Review: Six The Musical - Girl power reigns supreme as sell-out show rocks Edinburgh

WITH all the attitude of the Spice Girls, six ghosts from the past strutted on stage to the strains of Greensleeves at the Festival Theatre last night and the capacity audience roared their delight.

Wednesday, 5th February 2020, 5:30 pm
Updated Wednesday, 5th February 2020, 10:57 pm
Six The Musical

FESTIVAL THEATRE, Nicolson Street

* * * * *

Six The Musical had returned to its spiritual home.

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It was as a student production on the 2017 Fringe that Six - a piece written in just 10 days by Toby Marlow and Lucy Moss - received its premiere. It may have played under the radar that first year, but it didn’t go unnoticed by numerous producers and returned as a full, professional production in 2018. Selling 10,000 tickets it quickly became the hit of that year’s Fringe, winning a direct transfer to London’s West End.

Today, there are six productions of Six worldwide, including one due to open on Broadway, later this month. All this week, however, the ill-fated Queens are back where they started.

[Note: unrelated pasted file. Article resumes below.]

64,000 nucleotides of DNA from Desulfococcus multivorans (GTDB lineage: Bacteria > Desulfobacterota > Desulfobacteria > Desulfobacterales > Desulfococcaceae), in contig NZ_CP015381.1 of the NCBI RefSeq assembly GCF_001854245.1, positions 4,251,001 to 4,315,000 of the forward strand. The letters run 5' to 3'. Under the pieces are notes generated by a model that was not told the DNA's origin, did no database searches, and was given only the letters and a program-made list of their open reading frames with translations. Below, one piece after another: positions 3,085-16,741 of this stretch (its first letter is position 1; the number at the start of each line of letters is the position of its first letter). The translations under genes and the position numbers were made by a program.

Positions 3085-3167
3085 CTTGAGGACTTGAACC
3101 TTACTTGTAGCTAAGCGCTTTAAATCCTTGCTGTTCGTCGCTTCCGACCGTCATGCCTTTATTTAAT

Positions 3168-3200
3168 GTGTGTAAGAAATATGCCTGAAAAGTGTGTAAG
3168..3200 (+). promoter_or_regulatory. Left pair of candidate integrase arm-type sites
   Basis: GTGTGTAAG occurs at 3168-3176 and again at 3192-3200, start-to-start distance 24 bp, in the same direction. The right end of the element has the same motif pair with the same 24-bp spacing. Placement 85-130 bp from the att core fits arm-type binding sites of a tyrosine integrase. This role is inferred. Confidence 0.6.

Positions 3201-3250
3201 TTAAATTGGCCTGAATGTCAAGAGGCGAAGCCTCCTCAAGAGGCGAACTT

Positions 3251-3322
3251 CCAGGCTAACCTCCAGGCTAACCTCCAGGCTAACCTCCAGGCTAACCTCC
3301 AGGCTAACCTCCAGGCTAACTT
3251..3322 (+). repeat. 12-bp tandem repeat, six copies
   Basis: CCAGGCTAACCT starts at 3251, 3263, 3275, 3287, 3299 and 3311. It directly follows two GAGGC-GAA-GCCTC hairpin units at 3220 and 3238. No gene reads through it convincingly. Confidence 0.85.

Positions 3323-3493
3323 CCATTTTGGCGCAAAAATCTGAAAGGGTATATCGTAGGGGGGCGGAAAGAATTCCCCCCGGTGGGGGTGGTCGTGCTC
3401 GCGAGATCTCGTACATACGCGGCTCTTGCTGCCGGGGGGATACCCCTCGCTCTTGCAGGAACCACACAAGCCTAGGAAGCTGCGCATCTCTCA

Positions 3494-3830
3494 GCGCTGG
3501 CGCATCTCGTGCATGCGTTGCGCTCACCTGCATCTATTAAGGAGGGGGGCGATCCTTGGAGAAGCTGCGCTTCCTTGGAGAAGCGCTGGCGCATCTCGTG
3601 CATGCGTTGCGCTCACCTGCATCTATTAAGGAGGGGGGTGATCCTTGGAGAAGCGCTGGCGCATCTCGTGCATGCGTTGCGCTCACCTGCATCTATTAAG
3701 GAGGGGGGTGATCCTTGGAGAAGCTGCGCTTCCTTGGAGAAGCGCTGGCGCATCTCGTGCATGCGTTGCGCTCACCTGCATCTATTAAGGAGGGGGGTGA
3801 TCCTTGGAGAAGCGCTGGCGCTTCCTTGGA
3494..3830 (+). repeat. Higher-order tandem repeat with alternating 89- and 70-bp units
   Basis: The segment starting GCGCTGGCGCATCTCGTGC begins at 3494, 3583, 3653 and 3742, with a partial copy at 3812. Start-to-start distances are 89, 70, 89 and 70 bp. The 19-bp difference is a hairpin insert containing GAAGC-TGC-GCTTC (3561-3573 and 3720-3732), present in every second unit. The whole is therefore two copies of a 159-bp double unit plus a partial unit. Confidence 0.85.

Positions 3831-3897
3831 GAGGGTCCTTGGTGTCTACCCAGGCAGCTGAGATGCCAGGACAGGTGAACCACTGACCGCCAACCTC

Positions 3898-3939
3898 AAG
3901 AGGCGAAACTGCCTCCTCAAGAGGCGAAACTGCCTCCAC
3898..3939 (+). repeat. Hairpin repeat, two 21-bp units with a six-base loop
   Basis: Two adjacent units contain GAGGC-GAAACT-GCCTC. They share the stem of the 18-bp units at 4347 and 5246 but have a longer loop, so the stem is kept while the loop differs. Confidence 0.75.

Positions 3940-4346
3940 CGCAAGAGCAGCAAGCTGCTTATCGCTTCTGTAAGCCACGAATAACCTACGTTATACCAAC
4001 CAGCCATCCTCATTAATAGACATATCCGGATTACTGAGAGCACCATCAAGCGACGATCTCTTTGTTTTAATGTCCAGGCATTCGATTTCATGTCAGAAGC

A history lesson, the likes of which any school kid could but dream, Catherine of Aragon, Anne Boleyn, Jane Seymour, Anna of Cleves, Katherine Howard and Catherine Parr arrive on stage in dramatic style, each determined to be crowned the most tragic of the infamous monarch’s unfortunate wives.

Simply put at the top of the show - divorced, beheaded, died, divorced, beheaded, survived - their ‘her-stories’ unfold through song. Highlights include the stupidly catchy opener Ex-Wives, No Way, a boisterous song of defiance, the beautiful anthemic Heart of Stone and then there’s the crowd-pleasing techno bounce of Haus of Holbein.

Delivered as an 80 minute concert, the cast are accompanied by a tight, ever-present four-piece girl band, playing with great gusto - take a bow Arelene McNaught, Vanessa Domonique, Frankie South and Kat Bax.

As the Queens, Lauren Drew, Maddison Bulleyment, Lauren Byrne, Shekinah McFarlane, Jodie Steele and Athena Collins make it impossible to single out one performance. With verve and vivacity, and clearly loving every barbed quip and beguiling harmonies, they carry the audience on a wave of infectious energy.

There’s a serious point to be made too and it's done through perfectly pitched dark humour before the evening ends, as it started, with the audience roaring their approval.

Be prepared to lose your head for tickets.

Until Sunday 9 February